Crime is a tricky problem to manage effectively, in any case. Appear too threatening to customers, and it could send out the wrong message, deterring them from choosing the store for their primary purchasing.
But this is exactly why monitoring and intelligence is so crucial. Only by profiling the problem can retailers act proactively, discreetly and effectively.
As well as looking backwards at data and being able to report that Store X suffered Y number of thefts during the last quarter, retailers will also benefit from capturing data that spots trends as theyre happening; enabling store managers to optimise the store layout, and the use of cabinets and cameras, so that the temptation is removed from potentially wayward customers.
Another important strategy must be to pool trend data, comparing it with findings from other stores in the area, so that gangs of known shoplifters can be tracked, or a rise in the theft of certain items can be deftly addressed.
Systems have now been adopted in large shopping districts such as Londons West End, and across entire counties like Kent, to monitor and pre-emptively address retail crime across a designated geographical area, through intelligence gathering and sharing.
By sharing knowledge and costs, retailers can achieve more with less. Statistics show that a good crime prevention partnership can reduce robberies and thefts by 20-30%.
Retail is an unforgiving, fiercely competitive business environment, where the 1-3% really does matter, especially as stores continue to slash prices to entice recession-weary consumers to spend again. Maintaining margins can only be achieved if costs are reduced in line with prices, and risk management is one of the more obvious routes to do this without harming the customer experience.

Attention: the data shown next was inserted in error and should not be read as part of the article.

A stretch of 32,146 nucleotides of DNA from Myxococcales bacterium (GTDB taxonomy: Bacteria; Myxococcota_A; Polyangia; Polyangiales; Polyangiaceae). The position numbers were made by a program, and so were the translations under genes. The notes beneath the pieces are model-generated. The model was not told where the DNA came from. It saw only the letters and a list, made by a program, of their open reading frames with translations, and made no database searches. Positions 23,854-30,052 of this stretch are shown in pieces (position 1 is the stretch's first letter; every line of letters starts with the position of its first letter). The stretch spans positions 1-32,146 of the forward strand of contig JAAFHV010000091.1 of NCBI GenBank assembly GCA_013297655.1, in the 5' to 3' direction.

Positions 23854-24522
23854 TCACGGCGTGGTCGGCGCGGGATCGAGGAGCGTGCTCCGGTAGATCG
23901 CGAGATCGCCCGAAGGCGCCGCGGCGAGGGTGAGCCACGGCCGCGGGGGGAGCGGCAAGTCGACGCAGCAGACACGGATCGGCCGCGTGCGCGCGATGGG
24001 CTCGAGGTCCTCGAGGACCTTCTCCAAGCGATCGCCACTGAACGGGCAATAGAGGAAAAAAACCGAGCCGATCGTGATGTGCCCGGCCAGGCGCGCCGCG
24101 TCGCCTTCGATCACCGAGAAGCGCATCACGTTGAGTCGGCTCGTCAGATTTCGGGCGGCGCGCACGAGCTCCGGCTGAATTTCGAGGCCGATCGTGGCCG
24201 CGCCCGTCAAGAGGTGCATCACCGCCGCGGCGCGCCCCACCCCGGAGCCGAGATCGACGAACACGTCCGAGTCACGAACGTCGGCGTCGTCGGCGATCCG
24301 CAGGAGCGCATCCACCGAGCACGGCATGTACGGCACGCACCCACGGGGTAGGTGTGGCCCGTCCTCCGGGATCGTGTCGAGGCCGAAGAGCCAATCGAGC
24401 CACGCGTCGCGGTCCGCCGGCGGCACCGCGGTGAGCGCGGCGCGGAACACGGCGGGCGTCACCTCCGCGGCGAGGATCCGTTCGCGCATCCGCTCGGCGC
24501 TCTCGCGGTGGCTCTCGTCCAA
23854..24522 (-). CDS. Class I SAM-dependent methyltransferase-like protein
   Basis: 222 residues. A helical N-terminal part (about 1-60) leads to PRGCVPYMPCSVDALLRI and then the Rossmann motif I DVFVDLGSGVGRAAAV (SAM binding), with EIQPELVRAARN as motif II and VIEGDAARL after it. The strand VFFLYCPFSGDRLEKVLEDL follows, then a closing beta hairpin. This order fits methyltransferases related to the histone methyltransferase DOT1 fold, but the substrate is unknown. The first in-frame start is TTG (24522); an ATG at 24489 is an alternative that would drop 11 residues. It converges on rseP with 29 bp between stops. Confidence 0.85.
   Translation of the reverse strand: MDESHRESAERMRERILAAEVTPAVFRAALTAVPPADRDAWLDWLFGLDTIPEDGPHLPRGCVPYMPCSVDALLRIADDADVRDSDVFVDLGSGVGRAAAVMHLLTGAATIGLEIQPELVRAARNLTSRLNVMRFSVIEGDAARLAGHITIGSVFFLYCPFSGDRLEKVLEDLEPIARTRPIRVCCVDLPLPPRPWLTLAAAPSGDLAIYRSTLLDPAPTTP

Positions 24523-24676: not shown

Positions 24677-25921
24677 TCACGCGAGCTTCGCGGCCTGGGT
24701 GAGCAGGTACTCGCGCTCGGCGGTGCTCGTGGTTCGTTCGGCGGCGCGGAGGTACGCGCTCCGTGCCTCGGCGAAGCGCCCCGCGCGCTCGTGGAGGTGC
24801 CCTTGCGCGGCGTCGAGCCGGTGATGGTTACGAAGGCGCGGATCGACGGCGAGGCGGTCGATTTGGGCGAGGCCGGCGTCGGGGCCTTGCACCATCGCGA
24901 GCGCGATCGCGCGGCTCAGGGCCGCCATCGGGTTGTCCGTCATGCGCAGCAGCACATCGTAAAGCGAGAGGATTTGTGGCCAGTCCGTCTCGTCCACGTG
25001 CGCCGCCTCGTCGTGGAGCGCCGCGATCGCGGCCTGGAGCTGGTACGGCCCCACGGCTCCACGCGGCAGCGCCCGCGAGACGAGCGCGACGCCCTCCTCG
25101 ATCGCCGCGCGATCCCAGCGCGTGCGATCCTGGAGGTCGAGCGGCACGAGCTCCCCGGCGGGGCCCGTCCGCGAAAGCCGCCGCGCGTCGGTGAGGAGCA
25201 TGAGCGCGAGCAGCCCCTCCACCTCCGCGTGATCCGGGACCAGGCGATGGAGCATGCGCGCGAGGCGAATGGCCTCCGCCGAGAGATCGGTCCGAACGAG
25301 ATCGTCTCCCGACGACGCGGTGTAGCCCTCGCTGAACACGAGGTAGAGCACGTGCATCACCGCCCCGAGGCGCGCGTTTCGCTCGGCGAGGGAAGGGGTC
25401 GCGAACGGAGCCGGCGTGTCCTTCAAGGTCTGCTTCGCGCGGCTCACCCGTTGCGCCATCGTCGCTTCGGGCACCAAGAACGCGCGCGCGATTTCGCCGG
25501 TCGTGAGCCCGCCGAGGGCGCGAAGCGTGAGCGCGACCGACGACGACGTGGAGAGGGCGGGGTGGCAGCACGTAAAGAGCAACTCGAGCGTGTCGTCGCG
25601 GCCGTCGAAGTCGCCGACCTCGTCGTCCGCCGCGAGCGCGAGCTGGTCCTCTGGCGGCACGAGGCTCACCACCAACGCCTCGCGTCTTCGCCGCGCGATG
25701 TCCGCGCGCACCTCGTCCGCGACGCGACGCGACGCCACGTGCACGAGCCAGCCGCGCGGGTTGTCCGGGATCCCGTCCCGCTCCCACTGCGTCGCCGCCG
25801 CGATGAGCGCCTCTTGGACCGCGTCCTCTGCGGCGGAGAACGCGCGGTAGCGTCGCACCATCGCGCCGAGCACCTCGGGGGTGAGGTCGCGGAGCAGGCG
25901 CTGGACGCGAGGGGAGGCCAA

Dare to be different
This is particularly the case with the rise in creative new solutions and services which can be hosted and managed remotely, by specialist third parties. Capturing, processing and interpreting the trends on a retailers behalf, such services remove the burden while improving a stores focus and speed of response to new problems.
But, whatever the approach taken, innovating now is vital. Tough trading conditions or not, this is no time to be complacent. However modest your crime prevention resources may be this year, the pot could be even smaller next year. Slip backwards, and youll have to spend a lot more to get back to the same point - and in the meantime crime will rise, profits will be eaten into, and opportunists will gain the advantage.
Can your business really live with that?